North American Int’l Auto ShowDETROIT – “Don’t let big happen to you” advertisements for BMW AG’s Mini Cooper used to warn. But after single-handedly creating the premium small-car market in the U.S., “big” is happening to Mini.

On Monday, the auto maker debuted the concept version of a much larger car it says will be on the road within three years. Dubbed the Mini Concept Detroit, the car is modeled after a 4-seat Mini station wagon introduced in 1960 as the Austin Seven Countryman and the Morris Mini Traveller.

That configuration of the original Mini, also called the Mini Clubman Estate, was highly successful and accounted for more than 400,000 sales between 1960 and 1982, BMW says.

This newest version features a much longer wheelbase than the current Mini and a large cargo area. However, company officials say it retains key Mini design cues, such as short overhangs, with all four wheels pushed out to the corners.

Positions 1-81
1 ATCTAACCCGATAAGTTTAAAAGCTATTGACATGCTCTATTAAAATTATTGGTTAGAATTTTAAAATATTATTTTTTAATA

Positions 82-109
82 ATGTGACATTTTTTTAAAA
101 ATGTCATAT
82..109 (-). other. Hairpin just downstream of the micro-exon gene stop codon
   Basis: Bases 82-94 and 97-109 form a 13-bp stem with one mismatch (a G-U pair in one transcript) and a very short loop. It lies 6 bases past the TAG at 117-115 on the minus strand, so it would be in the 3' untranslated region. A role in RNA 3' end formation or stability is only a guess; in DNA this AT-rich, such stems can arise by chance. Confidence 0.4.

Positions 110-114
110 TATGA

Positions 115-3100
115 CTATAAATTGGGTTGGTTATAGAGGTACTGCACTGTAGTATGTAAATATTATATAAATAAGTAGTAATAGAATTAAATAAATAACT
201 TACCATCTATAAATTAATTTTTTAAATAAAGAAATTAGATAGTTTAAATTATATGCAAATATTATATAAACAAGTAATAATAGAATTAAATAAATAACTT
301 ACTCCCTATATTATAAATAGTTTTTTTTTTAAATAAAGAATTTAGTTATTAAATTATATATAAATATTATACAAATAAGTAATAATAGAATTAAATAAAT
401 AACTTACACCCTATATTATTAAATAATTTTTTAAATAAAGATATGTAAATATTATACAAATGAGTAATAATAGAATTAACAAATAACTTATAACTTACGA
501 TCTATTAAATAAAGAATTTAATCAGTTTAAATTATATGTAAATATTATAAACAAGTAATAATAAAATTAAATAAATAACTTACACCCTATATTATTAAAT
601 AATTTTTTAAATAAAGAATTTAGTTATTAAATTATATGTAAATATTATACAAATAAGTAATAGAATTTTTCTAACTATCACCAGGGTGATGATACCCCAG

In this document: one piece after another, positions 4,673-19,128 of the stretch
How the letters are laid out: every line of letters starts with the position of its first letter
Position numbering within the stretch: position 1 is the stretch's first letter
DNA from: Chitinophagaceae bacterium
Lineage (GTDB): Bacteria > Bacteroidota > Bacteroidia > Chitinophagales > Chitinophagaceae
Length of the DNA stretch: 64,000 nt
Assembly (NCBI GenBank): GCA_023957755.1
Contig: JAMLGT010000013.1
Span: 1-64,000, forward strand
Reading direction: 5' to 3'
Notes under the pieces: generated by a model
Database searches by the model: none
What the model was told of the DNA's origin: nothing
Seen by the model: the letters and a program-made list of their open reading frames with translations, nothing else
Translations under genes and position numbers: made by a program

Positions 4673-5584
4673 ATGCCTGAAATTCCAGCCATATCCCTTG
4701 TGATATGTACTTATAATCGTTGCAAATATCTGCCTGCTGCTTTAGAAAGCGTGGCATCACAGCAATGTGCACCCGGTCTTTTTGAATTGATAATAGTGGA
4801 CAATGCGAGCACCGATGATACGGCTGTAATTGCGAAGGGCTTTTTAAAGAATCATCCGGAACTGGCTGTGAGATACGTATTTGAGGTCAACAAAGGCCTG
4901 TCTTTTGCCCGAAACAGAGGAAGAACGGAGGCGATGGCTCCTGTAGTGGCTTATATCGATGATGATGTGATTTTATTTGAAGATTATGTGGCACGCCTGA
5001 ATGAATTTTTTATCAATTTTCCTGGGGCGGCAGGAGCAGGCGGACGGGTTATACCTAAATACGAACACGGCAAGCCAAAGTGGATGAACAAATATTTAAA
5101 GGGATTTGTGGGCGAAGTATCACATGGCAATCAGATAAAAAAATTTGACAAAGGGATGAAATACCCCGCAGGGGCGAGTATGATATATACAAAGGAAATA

Mini Concept Detroit harkens back to the Morris Mini Traveller.

“This is not simply a larger Mini. The vehicle has been redesigned from scratch as numerous details and design elements show,” says Michael Ganal, member of the board of management of BMW AG.

The idea behind the Mini concept is “as small as possible, as large as necessary,” Ganal adds. Mini showed a similar concept vehicle at last September’s Frankfurt auto show. (See related story: Concept Not So Mini)

This latest concept has not been greeted with the same unbridled enthusiasm as when Mini was first introduced, but the brand’s success so far is unassailable.

Mini in 2005 for the first time sold more than 200,000 units globally, and it has sold more than 700,000 units since the 2001 market launch.

The auto maker also had record sales in the U.S. last year, selling 40,800 units, with 60% of those sales higher priced Mini Cooper S models.

Says Ganal: Mini has managed to dispel the perceptions that small cars and hatchbacks do not sell in the U.S. market.”.